Mayor Anne Hidalgo and police want to limit speeds of electric scooters to 20 kilometres per hour in most areas as they cause accidents and disorder in Paris.
Paris is cracking down on electric scooters after an anarchic year in which startups flooded the city's streets with their vehicles.
The French capital has 12 free-floating scooter operators, more than the entire United States, according to a study released Thursday, and about 20,000 of the two-wheeled vehicles.
Broken scooters end up in some of the city's famed gardens or are even tossed over bridges into the Seine, and the city's sidewalks have become something of a battleground between riders and pedestrians.
Mayor Anne Hidalgo said on Thursday that electric scooters have fallen into a legal gray zone.
After repeated complaints and a spate of injuries and near-misses, the mayor and police want to limit speeds to 20 kilometres per hour (12 mph) in most areas, and 8 kilometres per hour (5 mph) in areas with heavy foot traffic, and prohibit parking anywhere but designated spaces.
Hidalgo also plans to limit the number of operators to three and cap the number of scooters.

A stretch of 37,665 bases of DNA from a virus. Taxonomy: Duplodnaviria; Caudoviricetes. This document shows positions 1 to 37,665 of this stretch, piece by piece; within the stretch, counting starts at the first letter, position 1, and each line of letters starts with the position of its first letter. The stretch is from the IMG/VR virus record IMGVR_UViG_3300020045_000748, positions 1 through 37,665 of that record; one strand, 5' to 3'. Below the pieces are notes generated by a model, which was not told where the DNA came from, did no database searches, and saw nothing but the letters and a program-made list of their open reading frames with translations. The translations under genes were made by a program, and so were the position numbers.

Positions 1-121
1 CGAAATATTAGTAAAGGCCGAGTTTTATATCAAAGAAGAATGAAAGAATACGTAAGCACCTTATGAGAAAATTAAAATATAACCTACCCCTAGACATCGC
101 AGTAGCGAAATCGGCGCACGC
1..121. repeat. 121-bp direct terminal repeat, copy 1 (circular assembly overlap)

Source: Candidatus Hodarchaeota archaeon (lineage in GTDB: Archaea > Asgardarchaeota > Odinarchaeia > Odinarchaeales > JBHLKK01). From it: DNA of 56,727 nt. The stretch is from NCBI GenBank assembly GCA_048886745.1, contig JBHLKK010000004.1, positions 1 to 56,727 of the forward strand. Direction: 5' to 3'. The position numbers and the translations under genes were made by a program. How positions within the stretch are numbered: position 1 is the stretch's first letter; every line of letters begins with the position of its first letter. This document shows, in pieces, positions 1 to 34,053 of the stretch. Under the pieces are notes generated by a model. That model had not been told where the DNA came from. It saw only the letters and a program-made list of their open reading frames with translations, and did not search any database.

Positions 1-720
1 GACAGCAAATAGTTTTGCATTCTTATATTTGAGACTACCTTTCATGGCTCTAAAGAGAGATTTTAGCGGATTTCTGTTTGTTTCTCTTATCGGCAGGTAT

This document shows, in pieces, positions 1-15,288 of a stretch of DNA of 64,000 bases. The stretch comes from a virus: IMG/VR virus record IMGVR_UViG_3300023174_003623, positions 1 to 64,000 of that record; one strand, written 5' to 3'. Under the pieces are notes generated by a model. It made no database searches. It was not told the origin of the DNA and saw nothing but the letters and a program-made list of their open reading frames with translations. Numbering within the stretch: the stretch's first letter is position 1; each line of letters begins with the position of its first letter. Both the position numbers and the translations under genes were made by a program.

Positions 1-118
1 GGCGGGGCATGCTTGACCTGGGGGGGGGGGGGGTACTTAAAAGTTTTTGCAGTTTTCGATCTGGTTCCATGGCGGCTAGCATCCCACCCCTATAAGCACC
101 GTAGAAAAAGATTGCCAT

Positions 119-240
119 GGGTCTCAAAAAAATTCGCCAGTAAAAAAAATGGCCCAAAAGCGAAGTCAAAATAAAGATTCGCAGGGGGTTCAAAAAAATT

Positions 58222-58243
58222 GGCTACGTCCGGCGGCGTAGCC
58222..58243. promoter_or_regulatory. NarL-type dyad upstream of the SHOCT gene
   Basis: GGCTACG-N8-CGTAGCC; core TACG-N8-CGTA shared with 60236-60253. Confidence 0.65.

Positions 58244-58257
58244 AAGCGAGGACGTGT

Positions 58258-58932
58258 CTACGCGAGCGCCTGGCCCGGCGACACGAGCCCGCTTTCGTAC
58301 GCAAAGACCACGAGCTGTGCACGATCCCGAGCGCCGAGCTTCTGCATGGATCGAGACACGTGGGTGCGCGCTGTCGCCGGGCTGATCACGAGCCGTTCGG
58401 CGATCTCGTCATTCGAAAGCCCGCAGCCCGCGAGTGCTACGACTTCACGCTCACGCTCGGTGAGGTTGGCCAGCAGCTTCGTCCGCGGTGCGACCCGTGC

The city already imposes $150 (135 euros) fines for riding on the sidewalk and $40 (35 euros) fines for blocking the sidewalk while parked.
TRT World's Simon McGregor-Wood has more.
Operators are charged by the city for any broken scooters that need to be picked up by municipal workers.
For Isabelle Vanbrabant, any regulations are too late.
The pianist at Paris' famed Opera was coming home from work last month and walking across a square near Les Halles when a rider on an electric scooter came up from behind, knocking her over and continuing on his way.
She fell on her right arm, suffering multiple fractures.
She yelled for the rider to return, which he then did, and to call for help.
Her prognosis is uncertain.
"I need this hand, I need to have it back," she said.
About a third of electric scooter riders in France are foreign tourists, according to the study by 6t-bureau conducted for a French government agency specialising in transport.